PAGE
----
When Ben was teaching in Birmingham, schools had access to ‘City Learning Centres’. These advanced computer suites allowed children to be taught or to learn independently through fun interactive sessions with robotic Lego and other teaching tools. The CLC could be booked by classes for 1-2 hours at a time, meaning many schools had access to these resources. This model has influenced our vision for the ‘Good News Learning Centre’, so that many children in the Margate area would be able to benefit. At the time of writing (26th March 2011) we have arranged a meeting with the local CLC which Ben used to use, to obtain advice on the administration of such a centre. There is also a possibility of some material donations as the centre is restructuring – we will keep everyone posted!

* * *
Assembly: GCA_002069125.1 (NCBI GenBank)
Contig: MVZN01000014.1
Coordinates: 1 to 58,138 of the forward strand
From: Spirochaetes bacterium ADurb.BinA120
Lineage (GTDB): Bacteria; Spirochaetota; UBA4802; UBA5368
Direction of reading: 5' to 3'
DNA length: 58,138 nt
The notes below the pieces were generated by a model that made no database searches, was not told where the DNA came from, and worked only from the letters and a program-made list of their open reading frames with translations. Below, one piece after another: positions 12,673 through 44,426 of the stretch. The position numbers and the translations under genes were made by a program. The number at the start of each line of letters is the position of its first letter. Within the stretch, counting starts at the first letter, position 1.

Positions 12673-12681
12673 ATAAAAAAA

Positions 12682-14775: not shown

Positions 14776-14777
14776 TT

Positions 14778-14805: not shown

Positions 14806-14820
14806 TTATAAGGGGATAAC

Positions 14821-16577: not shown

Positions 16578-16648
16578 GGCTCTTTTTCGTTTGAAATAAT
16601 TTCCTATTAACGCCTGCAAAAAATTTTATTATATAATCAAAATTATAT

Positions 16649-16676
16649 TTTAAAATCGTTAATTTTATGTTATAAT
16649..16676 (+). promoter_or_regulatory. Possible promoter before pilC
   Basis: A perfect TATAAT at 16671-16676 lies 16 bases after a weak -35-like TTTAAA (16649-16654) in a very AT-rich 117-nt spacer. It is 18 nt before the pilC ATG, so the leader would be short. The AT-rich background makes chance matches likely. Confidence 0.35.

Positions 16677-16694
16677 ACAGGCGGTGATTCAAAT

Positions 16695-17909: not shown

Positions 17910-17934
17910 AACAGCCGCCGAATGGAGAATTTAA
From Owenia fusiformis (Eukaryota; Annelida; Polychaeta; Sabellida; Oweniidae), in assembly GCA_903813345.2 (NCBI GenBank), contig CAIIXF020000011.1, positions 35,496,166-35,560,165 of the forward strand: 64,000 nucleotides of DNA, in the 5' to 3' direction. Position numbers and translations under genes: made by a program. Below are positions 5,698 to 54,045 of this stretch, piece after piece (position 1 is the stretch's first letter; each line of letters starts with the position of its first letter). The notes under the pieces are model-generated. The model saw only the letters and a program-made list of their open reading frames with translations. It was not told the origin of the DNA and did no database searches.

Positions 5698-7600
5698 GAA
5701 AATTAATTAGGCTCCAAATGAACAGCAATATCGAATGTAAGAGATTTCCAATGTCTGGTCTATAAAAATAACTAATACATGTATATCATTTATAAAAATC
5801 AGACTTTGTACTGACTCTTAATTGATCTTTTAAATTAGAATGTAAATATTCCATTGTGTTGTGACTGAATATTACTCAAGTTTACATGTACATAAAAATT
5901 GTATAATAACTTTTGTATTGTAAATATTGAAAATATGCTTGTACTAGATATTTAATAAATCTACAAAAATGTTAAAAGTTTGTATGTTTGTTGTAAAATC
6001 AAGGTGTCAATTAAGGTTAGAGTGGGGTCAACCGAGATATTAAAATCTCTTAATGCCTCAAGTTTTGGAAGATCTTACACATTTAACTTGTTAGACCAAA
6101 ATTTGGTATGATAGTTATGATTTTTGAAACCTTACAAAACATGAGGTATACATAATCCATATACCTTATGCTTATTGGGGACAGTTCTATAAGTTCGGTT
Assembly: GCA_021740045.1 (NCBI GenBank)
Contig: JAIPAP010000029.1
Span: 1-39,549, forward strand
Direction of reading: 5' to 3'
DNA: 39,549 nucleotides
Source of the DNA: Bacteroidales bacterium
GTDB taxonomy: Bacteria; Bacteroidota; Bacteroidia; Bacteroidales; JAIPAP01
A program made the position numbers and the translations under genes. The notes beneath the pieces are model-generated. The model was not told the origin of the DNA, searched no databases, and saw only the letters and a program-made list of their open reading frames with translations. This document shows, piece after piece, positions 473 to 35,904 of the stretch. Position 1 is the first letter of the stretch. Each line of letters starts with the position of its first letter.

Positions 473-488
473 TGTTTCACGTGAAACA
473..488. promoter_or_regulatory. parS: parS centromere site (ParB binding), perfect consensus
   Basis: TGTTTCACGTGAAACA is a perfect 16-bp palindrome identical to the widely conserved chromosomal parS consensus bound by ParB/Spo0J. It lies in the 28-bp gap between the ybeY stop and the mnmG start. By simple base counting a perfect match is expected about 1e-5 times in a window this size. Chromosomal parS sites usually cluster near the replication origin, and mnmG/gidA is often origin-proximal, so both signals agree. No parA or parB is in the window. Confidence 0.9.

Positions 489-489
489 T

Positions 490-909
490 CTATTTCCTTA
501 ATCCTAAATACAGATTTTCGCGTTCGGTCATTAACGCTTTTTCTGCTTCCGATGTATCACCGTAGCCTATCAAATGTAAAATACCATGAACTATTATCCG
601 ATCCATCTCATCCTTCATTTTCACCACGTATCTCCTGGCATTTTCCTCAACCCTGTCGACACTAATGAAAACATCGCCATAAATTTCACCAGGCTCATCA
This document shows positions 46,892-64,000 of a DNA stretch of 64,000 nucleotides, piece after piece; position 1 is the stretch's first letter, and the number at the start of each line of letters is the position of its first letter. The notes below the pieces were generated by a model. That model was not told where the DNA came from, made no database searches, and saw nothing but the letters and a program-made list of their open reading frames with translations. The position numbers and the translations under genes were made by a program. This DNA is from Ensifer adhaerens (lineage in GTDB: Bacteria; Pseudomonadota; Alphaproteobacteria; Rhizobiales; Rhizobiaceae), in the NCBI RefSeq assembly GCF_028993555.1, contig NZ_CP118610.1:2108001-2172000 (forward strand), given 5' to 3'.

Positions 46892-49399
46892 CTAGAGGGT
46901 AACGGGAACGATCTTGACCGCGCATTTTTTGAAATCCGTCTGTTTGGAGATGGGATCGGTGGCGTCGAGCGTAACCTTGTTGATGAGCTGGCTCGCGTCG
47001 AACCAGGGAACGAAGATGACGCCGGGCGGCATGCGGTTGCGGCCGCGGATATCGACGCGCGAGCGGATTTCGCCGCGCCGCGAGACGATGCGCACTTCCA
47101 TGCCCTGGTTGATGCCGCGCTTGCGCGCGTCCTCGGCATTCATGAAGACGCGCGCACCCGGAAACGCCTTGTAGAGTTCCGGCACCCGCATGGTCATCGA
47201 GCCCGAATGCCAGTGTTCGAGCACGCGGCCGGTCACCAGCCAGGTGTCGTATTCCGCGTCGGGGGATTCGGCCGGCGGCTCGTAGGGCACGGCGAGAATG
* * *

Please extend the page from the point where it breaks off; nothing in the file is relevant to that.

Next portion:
Ben has also been able to source £360 worth of a valuable maths teaching resource from Numicon (http://www.numicon.com) which he intends to use to offer training in remedial teaching to local schools.
We are very excited about the development of this learning centre as it could lead to the Good News Centre becoming a real hub for the local community. It has already shown spiritual dividends as about 8 of the children who initially came to After School club have subsequently come to Kingdom Youth and Sunday School.
We have launched a Memory Stick Appeal (http://benparsons.posterous.com/) to our family, friends and ex-colleagues in the UK and elsewhere, to allow us to give anyone who uses our computers a way of storing and taking their own work away with them.
Lorraine Development and Skills Centre.